At one time the world had 14 Bat Towers. Seven of these were built in Italy. Today, there are only a few remaining that you can view. One is in Florida and two are in Texas. This article is about why and how these old towers were built, how they operated, the man who designed them and where in the U.S. you can still see them. If your travels take you anywhere near where the surviving Bat Towers are located you may want to add a stop there to your trip planner.
The story of the Bat Towers designed by Dr. Charles Campbell is quite unique and quite interesting. It’s a story about a medical doctor who devised a plan to fight one of the most feared diseases of his era, malaria.
Bat Towers Built to Help Fight Against Malaria
Dr. Charles Campbell worked as a city bacteriologist in San Antonio Texas around the turn of the twentieth century. Dr. Campbell was a physician who began experimenting with ways to eradicate malaria which accounted for millions of deaths worldwide annually. This was a natural thing for the doctor to do since he personally treated the malarial sick and knew that the disease was carried by mosquitoes. The question was, how do we cut down on malarial carrying mosquitoes.
The Bat Towers, also referred to as Malaria-Eradicating Guano Producing Bat Roosts, were designed and built to be a deluxe bat house that the bats would continue to come back to so they could feast on the mosquitoes. The towers were usually built in wet areas where mosquitoes were most prevalent.
See the Sugarloaf Key Bat Tower
Also named Perky’s Bat Tower, the structure is listed on the National Register of Historic Places. Even though the local county commissioners at the time thought the bat tower plan was laughable they allowed it to be built.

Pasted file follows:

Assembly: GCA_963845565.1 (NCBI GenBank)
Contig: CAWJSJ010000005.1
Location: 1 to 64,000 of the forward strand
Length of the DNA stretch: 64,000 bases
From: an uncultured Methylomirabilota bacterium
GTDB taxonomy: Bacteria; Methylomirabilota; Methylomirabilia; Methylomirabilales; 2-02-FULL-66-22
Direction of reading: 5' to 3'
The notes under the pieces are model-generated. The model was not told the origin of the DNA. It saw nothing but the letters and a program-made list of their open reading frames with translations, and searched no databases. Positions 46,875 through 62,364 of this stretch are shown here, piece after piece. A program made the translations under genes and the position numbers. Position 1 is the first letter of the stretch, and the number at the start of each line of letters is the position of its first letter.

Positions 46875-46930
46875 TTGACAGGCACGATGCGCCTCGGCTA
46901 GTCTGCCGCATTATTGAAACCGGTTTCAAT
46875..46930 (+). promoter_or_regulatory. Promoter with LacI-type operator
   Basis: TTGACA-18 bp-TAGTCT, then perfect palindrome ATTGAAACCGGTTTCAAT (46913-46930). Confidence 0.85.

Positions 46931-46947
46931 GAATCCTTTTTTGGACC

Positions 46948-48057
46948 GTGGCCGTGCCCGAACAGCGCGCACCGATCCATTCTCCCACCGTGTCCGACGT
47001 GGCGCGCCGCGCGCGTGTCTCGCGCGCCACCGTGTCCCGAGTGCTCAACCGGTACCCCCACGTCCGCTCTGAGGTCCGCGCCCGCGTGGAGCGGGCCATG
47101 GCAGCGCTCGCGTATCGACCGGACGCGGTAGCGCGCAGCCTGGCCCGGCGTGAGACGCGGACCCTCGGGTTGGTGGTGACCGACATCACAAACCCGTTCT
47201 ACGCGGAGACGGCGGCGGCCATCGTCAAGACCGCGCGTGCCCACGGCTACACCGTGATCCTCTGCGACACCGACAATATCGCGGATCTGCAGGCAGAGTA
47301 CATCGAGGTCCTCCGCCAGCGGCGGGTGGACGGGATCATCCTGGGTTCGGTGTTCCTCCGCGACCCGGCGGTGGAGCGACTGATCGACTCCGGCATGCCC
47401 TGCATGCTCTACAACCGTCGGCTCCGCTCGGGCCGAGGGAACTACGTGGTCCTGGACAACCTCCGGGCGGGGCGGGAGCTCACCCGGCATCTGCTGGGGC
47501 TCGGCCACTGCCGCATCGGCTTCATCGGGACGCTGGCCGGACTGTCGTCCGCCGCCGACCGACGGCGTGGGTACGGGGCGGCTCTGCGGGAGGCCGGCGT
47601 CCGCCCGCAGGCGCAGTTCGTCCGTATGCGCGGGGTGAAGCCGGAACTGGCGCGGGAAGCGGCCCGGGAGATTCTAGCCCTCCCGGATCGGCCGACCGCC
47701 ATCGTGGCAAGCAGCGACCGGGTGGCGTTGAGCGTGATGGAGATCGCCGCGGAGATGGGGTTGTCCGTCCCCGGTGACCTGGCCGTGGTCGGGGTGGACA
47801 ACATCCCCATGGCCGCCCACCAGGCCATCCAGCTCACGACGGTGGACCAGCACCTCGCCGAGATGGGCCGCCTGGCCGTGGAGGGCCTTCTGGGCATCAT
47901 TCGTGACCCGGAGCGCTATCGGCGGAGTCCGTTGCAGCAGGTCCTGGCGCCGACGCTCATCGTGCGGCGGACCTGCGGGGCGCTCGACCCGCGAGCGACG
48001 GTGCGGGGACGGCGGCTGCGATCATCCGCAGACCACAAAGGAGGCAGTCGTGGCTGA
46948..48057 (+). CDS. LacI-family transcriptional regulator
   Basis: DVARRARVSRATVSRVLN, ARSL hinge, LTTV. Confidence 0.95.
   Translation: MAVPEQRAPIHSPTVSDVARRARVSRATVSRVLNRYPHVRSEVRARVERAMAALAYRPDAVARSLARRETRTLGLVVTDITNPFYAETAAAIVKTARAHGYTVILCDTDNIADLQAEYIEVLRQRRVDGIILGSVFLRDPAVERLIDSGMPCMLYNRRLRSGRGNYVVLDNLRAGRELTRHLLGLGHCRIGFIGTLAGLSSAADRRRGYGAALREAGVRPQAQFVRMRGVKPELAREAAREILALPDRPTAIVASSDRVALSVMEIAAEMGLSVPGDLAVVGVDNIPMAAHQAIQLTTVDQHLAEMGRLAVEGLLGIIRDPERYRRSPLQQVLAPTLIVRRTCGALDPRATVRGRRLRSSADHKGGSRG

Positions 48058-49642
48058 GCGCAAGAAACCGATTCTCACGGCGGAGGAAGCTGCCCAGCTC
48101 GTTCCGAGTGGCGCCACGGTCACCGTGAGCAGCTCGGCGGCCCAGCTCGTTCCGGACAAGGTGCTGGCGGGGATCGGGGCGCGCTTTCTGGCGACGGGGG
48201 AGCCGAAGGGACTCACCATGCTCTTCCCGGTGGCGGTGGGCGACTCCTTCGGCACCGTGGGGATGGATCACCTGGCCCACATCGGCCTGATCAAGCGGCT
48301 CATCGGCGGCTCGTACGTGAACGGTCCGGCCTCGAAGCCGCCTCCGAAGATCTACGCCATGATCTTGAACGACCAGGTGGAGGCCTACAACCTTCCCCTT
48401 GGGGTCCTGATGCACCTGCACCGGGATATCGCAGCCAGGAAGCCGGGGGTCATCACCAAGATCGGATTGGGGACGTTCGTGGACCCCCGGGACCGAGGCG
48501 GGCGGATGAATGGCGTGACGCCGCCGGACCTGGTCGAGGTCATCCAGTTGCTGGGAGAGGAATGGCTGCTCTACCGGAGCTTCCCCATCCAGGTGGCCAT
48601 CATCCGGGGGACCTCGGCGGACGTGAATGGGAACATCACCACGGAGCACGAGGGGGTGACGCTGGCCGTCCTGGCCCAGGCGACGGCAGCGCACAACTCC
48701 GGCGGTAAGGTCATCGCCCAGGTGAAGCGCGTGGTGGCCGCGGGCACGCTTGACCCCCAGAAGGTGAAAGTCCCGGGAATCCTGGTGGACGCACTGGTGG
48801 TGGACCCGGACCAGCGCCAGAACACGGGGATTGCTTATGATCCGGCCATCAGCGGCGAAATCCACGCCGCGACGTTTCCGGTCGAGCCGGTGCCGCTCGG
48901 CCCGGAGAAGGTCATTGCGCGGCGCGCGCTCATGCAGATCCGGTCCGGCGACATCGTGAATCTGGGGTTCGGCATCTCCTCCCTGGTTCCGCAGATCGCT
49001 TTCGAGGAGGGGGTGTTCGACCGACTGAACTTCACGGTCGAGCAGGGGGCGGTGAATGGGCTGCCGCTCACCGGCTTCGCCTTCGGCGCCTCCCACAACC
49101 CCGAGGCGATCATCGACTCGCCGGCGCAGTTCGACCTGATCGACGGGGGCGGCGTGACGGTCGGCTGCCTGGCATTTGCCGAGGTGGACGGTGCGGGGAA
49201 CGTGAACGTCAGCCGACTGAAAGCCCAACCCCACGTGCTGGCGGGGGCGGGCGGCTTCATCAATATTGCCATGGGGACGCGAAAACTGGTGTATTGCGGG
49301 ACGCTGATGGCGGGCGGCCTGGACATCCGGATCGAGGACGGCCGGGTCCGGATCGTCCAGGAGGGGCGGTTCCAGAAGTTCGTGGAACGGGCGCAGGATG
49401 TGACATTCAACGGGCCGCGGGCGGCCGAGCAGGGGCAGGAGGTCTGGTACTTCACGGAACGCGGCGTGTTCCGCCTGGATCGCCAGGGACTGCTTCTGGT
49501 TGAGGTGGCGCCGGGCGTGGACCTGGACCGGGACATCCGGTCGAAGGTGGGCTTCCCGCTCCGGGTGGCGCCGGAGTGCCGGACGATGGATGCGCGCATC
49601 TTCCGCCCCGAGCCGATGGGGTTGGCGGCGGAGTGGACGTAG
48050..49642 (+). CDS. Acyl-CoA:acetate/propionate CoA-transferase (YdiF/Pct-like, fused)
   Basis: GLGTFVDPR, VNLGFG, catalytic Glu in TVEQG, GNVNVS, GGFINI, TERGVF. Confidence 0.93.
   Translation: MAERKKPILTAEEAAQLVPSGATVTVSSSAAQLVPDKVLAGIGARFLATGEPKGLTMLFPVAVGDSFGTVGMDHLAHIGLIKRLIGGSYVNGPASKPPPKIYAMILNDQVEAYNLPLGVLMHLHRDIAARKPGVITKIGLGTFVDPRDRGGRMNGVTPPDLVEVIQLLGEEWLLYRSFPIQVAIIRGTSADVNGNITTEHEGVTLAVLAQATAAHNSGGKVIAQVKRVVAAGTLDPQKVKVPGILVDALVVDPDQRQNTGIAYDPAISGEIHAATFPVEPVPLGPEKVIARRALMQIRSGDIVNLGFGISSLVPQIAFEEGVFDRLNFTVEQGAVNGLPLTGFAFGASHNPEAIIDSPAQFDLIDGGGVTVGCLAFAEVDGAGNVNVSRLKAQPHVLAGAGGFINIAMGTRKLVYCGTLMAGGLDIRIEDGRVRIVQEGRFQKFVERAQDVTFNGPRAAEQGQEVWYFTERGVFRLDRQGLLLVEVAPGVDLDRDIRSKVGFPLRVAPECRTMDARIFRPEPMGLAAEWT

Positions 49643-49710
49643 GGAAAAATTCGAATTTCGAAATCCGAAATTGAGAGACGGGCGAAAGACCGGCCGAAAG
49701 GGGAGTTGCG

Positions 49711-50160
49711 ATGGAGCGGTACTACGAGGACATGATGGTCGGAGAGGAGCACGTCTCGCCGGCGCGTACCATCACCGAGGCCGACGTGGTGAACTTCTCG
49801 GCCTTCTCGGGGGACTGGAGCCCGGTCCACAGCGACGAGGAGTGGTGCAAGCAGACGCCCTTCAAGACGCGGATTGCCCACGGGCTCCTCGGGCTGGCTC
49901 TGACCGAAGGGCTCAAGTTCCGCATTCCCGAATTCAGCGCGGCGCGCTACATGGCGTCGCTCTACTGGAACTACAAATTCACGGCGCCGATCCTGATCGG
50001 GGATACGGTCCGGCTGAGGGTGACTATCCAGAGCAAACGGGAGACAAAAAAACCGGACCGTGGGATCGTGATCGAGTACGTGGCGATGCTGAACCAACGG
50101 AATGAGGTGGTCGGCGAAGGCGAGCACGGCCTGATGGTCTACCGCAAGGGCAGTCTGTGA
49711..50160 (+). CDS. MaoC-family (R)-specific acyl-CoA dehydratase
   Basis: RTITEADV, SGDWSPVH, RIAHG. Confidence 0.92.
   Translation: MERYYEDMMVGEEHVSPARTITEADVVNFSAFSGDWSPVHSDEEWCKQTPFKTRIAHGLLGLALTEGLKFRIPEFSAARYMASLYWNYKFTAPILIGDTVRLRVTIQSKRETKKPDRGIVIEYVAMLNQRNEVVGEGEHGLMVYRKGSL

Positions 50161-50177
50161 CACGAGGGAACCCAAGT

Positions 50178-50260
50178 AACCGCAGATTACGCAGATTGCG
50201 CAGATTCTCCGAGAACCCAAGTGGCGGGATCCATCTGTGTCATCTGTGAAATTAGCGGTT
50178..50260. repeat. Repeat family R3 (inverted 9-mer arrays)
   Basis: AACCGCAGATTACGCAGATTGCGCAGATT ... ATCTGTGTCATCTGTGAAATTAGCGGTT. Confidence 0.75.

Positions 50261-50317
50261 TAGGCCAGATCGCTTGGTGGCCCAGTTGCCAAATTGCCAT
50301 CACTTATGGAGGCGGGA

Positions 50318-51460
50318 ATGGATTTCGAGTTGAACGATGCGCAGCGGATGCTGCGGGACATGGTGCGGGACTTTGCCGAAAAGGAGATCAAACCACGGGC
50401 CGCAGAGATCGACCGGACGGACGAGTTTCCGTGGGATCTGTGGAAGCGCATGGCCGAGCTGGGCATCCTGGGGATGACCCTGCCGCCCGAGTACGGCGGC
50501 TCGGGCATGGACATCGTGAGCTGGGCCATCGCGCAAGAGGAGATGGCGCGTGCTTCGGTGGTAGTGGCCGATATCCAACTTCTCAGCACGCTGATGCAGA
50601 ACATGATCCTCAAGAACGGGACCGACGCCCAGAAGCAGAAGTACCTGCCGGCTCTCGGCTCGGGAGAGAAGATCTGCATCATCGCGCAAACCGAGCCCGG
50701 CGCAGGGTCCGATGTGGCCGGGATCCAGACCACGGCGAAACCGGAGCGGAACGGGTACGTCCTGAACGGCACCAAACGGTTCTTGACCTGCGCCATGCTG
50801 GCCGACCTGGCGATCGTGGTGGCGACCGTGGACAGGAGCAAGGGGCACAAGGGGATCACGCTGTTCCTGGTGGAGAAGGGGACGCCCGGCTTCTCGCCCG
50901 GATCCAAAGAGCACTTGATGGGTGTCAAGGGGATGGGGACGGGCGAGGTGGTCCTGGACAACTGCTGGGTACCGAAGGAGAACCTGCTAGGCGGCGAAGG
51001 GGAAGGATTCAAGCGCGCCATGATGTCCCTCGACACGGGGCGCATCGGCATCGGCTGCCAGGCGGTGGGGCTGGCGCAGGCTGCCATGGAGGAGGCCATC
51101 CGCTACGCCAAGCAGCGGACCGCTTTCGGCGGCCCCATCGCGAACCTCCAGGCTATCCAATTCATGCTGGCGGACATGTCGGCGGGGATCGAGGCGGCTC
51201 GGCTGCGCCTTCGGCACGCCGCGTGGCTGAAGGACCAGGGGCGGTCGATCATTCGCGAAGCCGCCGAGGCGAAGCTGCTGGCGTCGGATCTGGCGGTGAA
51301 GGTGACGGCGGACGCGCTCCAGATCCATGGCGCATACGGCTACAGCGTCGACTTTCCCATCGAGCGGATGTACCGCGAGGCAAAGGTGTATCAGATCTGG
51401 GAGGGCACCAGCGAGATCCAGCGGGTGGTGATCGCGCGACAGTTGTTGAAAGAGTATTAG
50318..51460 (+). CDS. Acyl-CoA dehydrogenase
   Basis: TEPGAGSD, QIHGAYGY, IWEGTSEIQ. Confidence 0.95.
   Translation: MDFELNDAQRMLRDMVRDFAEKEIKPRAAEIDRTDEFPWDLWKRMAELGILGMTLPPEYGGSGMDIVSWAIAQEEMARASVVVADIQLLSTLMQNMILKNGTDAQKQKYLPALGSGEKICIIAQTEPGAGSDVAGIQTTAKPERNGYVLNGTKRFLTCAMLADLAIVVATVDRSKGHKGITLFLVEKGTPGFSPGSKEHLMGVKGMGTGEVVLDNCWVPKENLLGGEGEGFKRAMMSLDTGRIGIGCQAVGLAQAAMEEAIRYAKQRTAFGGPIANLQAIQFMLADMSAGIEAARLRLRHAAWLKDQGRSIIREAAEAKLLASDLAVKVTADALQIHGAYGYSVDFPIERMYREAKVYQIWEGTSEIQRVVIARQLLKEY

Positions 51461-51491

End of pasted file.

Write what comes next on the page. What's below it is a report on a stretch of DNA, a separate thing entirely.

The tower was built in 1929 by Richter Clyde Perky, a fish lodge owner with plans purchased by a from Dr. Campbell. The tower was pretty well built as it survived several hurricanes. The purpose of this particular thirty foot tall tower was to help control the mosquito problem in the Lower Keys. Perky was also a real estate developer and the mosquito problem, and trying to get it under control, was a major issue for the success of his developments. Probably the biggest problem for tourists at that time in the Lower Keys was the mosquito problem.
Perky’s Bat Tower is definitely off the beaten path. The traveler who enjoys adventure will find this somewhat awkward yet very unique historic structure well worth a stop at. The bat tower, which is free to visit, is located just ff Hwy 1. When driving south on Hwy 1 take a right hand turn on Bat Tower Road toward the airport.
Comfort Texas Bat Tower
The Comfort Texas Bat Tower is located off of FM473 East of IH10 on the Albert Steves Property. The name of this bat tower on the banks of the Guadalupe River is the “Hygieostatic Bat Roost” This is about thirty miles from San Antonio. You can see the tower from the road.
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Orange Texas Bat Tower
This bat tower is located at the Shangri-La Gardens in Orange Texas. Shangri La Botanical Gardens and Nature Center comprising 252 acres is a world-class venue which is an excellent trip stop for the entire family. Orange Texas is on the border with Louisiana about 110 miles east of Houston.
How Effective Were Dr. Campbells Bat Towers?
Most research on the project will tell you that, in it’s entire existence, not one bat ever roosted in the Sugarloaf Key Bat Tower. There’s a story that Perky even sent someone to Cuba to try to bring their bats back to Florida. Perky also put bait in the tower with an unknown bait (obtained from Dr. Campbell) but this also didn’t work because a storm washed away the box. In the meantime Dr. Campbell had passed away and the bait formula was not obtainable. Campbell reportedly sold the bait for $500 per box.
As a result, mosquitoes continued to rule on Sugarloaf Key and did indeed continue to bother the endeavors of Richter Clyde Perky.
Regardless of the results of Dr. Charles Campbell’s Bat Towers during the early part of the nineteenth century, the surviving bat towers that are largely off the beaten path offer a very unique trip into history.
If your travels take you to the Florida Keys, Comfort Texas or Orange Texas, a short stop at any of these three gives you a glimpse of one man’s experiment to help eradicate malaria.
(Article copyright Trips Into History. Photos and images in the public domain)